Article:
Though the geocentric or Earth-centered model was the predominant cosmological scheme in the Greek world, other philosophers such as Heraclides Ponticus (387–312 BC) proposed a system in which the planets revolved around the sun, and the sun with all its planets revolved around Earth. The astronomer Aristarchus of Samos (310–230 BC) not only improved estimates of the length of the solar year, but was the first to propose a totally heliocentric universe. Finally, by using geometry, developed by Euclid (born c.300 BC), the ancient Greeks realized Earth was a sphere and correctly measured its circumference by the second century BC.

Despite these innovations, an Earth-centered universe predominated in ancient Greek astronomy, and this geocentric system was supported by the philosophical schools of Plato (428–348) and Aristotle (384–322). The astronomer Ptolemy (AD c.90–c.168) in his astronomical work, the Mathematike Syntaxis (Mathematical arrangement) known in the West by a corruption of its Arabic title, the Almagest, provided an accurate set of naked-eye star observations based on the premise of an Earth-centered cosmological model, as well as geometrical

constructions that accounted for the retrograde motion of the planets in the sky. Ptolemy's work dominated astronomy until the publication of Nicolaus Copernicus' (1473–1543) De revolutionibus orbium coelestium libri vi (Six books concerning the revolutions of the heavenly orbs), in 1543.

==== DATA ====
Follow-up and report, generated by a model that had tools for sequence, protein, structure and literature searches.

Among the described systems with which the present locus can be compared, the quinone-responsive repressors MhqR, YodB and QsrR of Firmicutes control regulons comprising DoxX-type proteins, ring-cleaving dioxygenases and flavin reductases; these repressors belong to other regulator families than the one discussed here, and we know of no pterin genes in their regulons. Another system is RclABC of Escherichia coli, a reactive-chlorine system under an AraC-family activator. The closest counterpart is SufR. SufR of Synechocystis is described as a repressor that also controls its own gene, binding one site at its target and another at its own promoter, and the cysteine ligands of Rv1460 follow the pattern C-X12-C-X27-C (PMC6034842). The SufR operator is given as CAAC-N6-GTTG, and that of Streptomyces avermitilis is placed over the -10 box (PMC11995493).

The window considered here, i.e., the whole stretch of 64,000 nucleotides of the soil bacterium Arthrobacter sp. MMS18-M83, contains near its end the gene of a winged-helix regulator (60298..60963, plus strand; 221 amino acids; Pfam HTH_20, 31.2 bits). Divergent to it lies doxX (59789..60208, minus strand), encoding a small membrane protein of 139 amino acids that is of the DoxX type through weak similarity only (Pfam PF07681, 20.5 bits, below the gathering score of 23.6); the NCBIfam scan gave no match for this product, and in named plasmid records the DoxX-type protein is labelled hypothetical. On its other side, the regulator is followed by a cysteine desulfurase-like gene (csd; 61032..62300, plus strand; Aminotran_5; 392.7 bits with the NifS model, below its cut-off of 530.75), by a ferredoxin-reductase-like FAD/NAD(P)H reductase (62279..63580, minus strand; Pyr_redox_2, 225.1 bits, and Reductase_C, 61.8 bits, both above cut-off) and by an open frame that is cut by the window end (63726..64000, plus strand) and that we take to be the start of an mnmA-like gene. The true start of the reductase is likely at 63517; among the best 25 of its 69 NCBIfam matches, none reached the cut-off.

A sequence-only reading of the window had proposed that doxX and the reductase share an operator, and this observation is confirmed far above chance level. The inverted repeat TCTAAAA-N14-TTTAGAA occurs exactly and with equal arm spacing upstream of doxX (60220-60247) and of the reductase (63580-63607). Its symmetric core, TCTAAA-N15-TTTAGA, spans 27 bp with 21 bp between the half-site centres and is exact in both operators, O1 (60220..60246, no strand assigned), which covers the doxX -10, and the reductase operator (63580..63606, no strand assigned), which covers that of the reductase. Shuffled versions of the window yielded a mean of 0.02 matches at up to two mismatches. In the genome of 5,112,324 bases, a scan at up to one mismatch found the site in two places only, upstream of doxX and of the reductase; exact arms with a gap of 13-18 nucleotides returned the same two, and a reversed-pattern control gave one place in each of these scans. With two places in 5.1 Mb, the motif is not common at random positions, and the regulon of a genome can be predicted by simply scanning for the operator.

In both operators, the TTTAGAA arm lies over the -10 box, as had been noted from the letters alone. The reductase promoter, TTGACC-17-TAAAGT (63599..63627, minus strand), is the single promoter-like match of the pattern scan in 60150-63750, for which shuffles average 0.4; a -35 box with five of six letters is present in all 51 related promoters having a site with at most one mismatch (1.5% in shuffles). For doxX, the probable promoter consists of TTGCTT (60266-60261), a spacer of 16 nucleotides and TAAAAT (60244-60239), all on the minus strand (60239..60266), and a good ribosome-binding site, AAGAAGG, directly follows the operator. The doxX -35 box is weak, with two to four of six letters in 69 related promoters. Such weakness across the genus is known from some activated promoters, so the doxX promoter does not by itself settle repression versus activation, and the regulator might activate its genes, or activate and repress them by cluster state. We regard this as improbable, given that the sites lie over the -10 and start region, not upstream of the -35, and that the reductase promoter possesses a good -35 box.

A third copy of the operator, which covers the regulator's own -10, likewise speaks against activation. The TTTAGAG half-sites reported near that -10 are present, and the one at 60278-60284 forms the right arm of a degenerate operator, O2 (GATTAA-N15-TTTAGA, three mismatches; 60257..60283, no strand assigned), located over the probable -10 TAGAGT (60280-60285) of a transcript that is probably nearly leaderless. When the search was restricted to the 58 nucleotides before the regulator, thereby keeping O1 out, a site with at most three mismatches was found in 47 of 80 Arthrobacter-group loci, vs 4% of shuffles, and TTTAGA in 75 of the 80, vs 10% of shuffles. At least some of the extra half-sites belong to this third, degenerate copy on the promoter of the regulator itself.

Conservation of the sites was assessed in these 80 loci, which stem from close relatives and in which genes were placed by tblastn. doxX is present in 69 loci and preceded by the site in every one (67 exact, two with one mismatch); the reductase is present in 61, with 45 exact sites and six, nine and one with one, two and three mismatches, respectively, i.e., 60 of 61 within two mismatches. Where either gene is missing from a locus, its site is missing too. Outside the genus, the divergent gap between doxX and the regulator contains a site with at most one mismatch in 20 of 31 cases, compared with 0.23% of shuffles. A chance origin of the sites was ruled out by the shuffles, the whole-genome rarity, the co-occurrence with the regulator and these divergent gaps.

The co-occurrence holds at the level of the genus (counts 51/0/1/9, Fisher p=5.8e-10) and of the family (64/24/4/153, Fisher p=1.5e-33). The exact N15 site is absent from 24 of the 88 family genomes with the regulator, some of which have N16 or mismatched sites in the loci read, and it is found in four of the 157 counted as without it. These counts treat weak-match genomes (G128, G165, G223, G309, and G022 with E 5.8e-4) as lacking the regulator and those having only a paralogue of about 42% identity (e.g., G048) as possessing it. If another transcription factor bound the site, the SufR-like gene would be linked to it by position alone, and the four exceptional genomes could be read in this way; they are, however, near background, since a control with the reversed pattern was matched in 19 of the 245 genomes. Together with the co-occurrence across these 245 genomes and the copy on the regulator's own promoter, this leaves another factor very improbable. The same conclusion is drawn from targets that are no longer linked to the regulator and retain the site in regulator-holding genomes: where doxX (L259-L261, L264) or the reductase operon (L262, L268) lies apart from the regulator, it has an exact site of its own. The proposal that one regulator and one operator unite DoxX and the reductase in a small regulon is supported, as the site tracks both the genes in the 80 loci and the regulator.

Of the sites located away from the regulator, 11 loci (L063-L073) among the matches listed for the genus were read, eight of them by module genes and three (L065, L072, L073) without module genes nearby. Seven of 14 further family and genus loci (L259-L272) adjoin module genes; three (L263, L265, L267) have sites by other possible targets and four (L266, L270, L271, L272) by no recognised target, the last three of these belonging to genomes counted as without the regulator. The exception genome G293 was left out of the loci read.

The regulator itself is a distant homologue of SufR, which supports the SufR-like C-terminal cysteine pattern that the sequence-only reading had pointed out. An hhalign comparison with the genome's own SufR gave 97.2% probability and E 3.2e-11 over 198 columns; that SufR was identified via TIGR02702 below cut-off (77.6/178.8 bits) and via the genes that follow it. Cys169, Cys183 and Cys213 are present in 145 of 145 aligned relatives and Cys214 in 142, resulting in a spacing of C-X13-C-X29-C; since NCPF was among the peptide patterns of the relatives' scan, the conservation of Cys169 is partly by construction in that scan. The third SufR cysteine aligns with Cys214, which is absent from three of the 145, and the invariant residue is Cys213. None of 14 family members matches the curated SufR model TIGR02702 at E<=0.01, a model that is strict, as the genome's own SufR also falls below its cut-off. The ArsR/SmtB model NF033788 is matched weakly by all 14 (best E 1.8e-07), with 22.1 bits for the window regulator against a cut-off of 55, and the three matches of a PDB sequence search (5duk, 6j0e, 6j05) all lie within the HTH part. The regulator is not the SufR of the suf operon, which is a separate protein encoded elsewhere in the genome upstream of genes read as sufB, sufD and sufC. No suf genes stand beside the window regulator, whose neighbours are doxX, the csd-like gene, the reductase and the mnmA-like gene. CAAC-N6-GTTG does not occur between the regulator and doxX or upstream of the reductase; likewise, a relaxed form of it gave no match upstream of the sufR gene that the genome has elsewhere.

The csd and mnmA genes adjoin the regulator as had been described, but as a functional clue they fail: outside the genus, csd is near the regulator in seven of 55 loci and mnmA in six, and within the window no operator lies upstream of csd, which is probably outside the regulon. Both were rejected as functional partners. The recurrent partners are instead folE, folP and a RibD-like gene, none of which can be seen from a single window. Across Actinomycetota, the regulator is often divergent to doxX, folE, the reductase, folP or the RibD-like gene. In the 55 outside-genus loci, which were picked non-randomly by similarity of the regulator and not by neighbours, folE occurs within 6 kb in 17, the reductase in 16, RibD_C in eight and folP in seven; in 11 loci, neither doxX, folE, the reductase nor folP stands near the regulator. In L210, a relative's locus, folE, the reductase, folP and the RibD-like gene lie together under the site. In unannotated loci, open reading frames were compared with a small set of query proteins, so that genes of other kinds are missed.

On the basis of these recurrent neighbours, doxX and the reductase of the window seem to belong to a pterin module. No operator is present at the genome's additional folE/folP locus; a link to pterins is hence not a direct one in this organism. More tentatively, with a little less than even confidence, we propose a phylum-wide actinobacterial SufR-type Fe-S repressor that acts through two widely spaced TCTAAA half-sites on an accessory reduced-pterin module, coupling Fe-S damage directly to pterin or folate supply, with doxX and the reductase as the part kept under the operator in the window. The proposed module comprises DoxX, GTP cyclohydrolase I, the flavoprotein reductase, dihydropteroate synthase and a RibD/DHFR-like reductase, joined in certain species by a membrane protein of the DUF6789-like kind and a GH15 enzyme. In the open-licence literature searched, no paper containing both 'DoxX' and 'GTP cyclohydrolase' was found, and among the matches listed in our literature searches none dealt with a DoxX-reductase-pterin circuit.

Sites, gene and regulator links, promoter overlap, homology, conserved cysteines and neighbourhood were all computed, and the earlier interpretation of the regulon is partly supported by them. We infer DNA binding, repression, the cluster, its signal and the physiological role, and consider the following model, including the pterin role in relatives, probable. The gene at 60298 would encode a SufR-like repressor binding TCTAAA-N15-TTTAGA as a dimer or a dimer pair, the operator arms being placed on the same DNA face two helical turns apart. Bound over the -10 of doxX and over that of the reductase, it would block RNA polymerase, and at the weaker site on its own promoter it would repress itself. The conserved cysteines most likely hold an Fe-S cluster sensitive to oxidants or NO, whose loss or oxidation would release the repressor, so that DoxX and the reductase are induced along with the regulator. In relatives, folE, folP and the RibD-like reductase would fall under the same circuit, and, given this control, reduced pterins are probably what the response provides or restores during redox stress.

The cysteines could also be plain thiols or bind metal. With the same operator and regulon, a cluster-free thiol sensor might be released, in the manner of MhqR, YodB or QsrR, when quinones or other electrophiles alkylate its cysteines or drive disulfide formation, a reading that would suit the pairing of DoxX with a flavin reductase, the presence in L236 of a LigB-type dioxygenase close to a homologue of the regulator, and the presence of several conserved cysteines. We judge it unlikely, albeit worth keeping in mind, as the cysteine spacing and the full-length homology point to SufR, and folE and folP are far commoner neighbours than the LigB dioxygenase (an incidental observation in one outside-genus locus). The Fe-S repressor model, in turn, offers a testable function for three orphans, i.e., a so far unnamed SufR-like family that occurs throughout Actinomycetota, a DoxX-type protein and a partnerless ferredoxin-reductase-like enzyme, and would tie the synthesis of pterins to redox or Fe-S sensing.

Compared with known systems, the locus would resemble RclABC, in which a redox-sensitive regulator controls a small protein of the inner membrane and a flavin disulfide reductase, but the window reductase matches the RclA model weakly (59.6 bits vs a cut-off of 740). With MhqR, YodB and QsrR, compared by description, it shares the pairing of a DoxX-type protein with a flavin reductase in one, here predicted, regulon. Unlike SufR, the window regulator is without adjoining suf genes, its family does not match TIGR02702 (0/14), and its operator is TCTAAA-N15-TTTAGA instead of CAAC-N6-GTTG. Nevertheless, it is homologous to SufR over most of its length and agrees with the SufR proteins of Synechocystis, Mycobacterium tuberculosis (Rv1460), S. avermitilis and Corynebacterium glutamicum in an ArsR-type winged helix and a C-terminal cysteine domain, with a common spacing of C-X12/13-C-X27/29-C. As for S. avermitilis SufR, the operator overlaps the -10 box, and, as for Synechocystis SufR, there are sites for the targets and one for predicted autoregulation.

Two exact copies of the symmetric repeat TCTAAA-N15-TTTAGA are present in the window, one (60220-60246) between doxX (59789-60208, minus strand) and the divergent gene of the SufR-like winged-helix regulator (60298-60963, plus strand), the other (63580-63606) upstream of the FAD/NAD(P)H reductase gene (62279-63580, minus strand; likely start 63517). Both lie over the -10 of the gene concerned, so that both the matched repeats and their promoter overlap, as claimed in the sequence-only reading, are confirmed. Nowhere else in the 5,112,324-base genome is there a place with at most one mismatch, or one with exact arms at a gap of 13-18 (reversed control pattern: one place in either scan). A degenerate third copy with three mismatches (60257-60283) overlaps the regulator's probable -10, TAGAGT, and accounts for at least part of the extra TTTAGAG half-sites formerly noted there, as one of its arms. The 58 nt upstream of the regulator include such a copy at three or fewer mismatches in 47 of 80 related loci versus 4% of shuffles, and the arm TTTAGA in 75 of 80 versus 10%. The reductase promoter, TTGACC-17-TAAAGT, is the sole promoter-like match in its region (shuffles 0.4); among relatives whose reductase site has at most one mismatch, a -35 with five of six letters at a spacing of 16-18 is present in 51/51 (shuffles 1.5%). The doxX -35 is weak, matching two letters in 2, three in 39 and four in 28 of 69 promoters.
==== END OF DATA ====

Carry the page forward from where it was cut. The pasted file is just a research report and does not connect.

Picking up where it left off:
Modern Cultural Connections

Ancient astronomers not only created solar and lunar calendars (which are the basis of our modern calendar), but also formulated the pseudoscientific yet pervasive discipline of astrology. Our constellations, planetary names, and formation of the zodiac are due to these ancient sky watchers. Imperial Chinese stellar observations still inform modern astronomers of the history of our universe, while the ancient Greeks developed the mathematical tools that have enabled us to measure the dimensions of the solar system.

See Also Astronomy and Cosmology: Cosmology; Astronomy and Cosmology: Setting the Cosmic Calendar: Arguing the Age of the Cosmos and Earth.



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Ancient astronomy still stirs the imagination with regard to the cosmos, especially toward the possibility of life among the stars. Early tales that animated the heavens with figures common to human experience have gradually evolved to sophisticated and scientific exploration of the stars.